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Ringling Bros. Shuts Down After 146 Years

By Roger Kim

On Sunday night, May 21, 2017, the Ringling Bros. and Barnum & Bailey Circus received its final standing ovation as it performed its last show held at the Nassau County Coliseum in Uniondale, New York, about 30 miles (48 kilometers) east of New York City. It was an emotional 2.5 hours for those who worked on the circus and who watched the final show.

Dubbed as “The Greatest Show on Earth”, the Ringling Bros. circus was once a mainstay of entertainment in small towns and big cities across the country since 1919. Ringling had two touring circuses this season, one of which ended its run earlier this month in Providence, Rhode Island. That show was the more traditional, three-ring circus, while the one performing this weekend had a narrative storyline. Called “Out of This World”, it was set in a futuristic outer space.

A majority of Ringling’s employees are second, third, and even fourth-generation circus performers. Many met their spouses while touring. All spent months on the road each year, traveling from city to city in Ringling’s train cars and describing themselves as a giant family. Like the employees, Ringling fans watched the shows for generations, and they too felt like family. It was the fans’ immense love of the animal shows that led to the circus’ eventual demise.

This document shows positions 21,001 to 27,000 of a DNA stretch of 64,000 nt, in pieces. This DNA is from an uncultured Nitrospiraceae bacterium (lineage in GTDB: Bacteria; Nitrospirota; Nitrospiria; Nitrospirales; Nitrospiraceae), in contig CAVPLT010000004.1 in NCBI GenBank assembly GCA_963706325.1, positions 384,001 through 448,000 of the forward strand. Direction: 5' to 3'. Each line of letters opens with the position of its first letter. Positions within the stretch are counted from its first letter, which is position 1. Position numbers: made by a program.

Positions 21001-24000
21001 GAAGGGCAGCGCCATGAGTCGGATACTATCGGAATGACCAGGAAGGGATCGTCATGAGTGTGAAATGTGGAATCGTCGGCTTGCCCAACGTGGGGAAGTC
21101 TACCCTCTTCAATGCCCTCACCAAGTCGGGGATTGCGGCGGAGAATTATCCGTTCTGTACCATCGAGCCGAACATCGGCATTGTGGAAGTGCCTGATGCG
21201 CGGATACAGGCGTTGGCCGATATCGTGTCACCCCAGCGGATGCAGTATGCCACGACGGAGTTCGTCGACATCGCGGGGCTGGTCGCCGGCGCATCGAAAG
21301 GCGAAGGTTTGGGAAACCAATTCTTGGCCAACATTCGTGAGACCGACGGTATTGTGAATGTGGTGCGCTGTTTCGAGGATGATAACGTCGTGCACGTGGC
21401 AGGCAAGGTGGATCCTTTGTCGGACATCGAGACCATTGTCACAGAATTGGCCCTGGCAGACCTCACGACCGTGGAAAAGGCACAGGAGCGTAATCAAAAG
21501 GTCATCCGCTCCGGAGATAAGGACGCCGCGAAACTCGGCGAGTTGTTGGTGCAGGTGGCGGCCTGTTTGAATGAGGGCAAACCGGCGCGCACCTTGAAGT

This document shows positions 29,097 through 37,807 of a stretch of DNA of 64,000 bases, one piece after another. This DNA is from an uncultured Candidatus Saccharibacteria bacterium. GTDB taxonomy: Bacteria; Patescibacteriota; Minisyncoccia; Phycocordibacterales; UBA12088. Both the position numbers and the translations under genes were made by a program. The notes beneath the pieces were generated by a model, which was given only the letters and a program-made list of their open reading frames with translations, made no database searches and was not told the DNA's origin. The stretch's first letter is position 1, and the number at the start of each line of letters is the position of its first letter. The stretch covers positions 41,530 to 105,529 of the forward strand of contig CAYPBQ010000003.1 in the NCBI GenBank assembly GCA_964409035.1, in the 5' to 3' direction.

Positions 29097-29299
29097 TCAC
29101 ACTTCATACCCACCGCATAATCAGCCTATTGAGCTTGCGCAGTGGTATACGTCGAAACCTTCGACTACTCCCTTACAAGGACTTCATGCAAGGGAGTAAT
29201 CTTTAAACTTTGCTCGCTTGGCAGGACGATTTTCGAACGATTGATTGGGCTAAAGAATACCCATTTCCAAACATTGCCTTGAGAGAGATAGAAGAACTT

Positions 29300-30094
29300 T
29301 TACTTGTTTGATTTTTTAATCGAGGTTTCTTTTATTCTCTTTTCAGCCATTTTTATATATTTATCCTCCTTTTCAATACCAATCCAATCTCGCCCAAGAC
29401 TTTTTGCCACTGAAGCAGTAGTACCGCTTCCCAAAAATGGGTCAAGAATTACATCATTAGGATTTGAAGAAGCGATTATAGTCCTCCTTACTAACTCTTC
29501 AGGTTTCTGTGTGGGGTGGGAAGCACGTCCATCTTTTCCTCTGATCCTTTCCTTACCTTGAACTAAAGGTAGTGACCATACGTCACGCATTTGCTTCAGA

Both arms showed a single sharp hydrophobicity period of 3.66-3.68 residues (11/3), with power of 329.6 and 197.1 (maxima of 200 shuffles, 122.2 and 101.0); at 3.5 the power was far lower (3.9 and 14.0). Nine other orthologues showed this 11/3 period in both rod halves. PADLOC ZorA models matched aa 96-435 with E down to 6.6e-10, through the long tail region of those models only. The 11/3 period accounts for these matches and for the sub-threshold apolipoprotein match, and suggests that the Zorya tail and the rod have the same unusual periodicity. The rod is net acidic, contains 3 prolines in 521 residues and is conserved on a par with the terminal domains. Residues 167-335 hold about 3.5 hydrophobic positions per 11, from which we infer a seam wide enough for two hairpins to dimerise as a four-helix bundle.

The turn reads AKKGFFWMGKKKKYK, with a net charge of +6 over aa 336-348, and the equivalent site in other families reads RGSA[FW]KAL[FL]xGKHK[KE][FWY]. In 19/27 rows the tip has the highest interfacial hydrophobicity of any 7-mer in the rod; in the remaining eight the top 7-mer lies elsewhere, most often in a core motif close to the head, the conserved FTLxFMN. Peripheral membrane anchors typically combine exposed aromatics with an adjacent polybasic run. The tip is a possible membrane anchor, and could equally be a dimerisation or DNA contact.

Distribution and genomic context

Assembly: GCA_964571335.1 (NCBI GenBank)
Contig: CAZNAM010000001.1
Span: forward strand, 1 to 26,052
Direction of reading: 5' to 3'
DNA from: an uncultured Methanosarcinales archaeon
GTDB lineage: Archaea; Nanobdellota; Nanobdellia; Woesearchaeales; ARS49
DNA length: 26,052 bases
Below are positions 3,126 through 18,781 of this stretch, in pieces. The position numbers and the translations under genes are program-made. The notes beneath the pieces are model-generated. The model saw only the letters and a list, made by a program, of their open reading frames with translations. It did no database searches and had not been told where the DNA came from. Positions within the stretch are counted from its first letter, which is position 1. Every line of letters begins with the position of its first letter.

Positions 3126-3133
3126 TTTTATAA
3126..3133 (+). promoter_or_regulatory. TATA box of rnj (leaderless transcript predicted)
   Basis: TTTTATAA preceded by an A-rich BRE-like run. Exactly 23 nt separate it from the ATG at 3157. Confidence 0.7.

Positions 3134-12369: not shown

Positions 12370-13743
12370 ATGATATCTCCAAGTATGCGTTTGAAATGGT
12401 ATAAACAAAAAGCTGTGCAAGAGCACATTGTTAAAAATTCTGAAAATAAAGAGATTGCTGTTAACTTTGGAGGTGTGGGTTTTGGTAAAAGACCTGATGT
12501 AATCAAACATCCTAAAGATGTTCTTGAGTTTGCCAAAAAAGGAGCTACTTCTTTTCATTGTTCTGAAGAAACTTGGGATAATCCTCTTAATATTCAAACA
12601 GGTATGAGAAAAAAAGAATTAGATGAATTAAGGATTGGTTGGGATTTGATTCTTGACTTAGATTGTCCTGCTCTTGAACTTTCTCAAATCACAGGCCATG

Many animal welfare and animal rights organizations are opposed to the use of wild animals in circuses. Many of these groups actively campaign against circuses by staging protests outside of venues over alleged animal rights violations. The groups argue that animals used in the circus are subjected to cruel and inhumane treatment during training, harsh conditions during transport, and a general lack of mental and physical stimulation.

In May 2016, Ringling Bros. removed elephants from its shows, but ticket sales continued to decline. It seemed people didn’t want to see a circus without elephants. Ringling’s parent company, Feld Entertainment, announced in January 2017 it would close the show, citing declining attendance and high operating costs.

Feld executives said they knew the circus couldn’t compete with iPhones, the Internet, video games, and massively branded, carefully marketed characters. Their other productions: Frozen on Ice, Marvel Live, Supercross, Monster Trucks, Disney on Ice, resonate better with younger generations.

 

References: ABC News, Wikipedia, Google Images

 

 

About Roger Kim

Roger is a junior at Carlmont High School in Belmont, California. Roger serves as an officer of Help Everyone and Remember to Share (HEARTS) non-profit. Roger founded the first California Business Professionals Association (BPA) club at his high school and is active in other STEM related clubs. Outside of his busy school schedule, Roger practices karate, plays saxophone, reads, and volunteers for several worthy social causes in the US and China. Roger is extremely honored to serve as the News Column editor for the Rising Star Magazine.

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